On Dec. 1, the justices will hear oral arguments in a challenge to a Mississippi law that bans abortion after 15 weeks of gestation. A ruling in favor of the state of Mississippi, which is seeking to uphold the ban, would chip away at the precedent set in Roe v. Wade, which ruled that women have the right to obtain an abortion until an unborn baby becomes viable.

In the Susan B. Anthony List ads, the adopted child and medical professionals make the case that the scientific and technological advancements in the nearly 50 years since Roe was decided justify a reversal of the landmark Supreme Court decision.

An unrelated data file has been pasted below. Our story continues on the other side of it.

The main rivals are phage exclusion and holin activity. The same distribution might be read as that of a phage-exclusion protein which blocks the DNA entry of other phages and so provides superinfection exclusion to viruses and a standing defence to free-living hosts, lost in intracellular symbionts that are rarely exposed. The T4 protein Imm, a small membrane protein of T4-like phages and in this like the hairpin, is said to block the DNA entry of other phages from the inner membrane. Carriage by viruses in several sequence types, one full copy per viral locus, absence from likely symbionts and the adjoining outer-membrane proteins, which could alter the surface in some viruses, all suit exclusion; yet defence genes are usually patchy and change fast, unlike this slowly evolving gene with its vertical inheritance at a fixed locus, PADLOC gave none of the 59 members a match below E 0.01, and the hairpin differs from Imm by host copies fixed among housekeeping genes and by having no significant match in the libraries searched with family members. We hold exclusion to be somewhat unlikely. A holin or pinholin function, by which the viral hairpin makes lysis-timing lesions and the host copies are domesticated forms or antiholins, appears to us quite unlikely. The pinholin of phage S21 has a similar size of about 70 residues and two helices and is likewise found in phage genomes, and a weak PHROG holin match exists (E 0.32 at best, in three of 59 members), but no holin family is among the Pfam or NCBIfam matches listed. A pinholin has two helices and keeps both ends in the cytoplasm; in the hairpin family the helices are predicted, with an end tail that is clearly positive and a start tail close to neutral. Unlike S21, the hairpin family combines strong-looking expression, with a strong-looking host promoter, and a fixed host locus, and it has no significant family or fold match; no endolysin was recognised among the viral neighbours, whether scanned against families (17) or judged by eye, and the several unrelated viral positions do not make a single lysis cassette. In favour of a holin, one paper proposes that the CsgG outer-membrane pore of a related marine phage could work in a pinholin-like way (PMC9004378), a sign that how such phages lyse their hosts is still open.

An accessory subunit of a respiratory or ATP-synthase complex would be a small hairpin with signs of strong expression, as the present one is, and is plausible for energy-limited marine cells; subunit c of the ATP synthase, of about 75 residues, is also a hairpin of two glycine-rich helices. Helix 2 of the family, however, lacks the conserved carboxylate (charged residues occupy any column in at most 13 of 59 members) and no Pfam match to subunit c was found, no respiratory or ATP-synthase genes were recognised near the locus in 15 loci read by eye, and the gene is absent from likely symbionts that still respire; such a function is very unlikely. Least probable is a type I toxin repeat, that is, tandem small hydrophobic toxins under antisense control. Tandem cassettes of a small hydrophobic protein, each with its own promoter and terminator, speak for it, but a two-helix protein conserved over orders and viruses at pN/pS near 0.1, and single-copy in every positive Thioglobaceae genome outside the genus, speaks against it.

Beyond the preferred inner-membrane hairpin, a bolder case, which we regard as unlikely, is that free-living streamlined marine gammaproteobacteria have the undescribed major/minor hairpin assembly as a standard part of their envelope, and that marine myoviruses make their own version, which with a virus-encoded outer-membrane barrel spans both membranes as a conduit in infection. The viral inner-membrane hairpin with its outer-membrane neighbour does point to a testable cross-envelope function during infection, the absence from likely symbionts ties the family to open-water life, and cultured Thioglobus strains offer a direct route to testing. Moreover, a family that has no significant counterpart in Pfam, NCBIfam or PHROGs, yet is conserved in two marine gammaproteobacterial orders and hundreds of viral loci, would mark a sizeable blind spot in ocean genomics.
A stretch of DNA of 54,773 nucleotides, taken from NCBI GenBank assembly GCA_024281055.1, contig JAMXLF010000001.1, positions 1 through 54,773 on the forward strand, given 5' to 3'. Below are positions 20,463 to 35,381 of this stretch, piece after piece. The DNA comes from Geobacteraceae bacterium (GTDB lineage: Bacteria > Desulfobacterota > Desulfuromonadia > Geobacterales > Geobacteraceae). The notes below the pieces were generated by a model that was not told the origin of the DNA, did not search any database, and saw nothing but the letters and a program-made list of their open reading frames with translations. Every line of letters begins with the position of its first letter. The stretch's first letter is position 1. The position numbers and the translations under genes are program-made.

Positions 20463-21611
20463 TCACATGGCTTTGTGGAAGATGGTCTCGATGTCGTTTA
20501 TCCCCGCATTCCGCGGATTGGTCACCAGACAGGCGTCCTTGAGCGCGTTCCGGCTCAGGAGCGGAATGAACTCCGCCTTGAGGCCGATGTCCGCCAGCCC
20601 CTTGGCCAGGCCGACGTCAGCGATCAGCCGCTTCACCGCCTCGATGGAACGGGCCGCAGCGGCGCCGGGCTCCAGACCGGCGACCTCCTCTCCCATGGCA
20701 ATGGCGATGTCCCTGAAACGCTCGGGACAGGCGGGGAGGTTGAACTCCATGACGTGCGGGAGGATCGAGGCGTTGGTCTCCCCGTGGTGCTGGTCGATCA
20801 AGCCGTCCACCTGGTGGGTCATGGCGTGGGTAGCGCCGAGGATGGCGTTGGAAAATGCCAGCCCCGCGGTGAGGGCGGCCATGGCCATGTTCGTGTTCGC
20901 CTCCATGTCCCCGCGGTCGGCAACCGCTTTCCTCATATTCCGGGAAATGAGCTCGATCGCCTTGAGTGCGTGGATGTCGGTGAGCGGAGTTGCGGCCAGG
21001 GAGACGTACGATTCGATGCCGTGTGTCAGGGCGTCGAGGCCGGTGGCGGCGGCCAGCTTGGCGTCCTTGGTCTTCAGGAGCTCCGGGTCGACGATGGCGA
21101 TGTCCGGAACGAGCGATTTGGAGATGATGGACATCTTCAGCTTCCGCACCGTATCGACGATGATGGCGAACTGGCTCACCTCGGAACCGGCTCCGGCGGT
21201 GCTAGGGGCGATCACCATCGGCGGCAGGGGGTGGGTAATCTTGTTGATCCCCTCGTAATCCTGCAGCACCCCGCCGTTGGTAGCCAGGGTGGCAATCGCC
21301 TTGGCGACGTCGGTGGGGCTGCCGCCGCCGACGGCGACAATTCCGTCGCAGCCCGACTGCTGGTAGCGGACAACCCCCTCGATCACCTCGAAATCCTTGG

The first ad tells the story of Annie Fitzgerald, who was adopted by a couple in Peoria, Illinois. After praising her adoptive parents for giving her a “really good life,” she lamented that “I could have been an abortion.”

“I am so grateful that my birth mom chose adoption. I’m grateful she chose life,” Fitzgerald said. “Everyone has a purpose and a plan in their life and they deserve a chance to get to fulfill that.”

Fitzgerald called the idea that abortion is legal through all nine months of pregnancy “extreme.” 

“Nobody wants to see a baby that is fully developed be killed in an abortion,” she argued. 

“I think it’s time that the Supreme Court places limits on abortion,” she continued. “Follow the science. It’s the 21st century. We have sonograms. We have 3D ultrasounds. It’s a human life, and like everyone else, it deserves a chance to live.”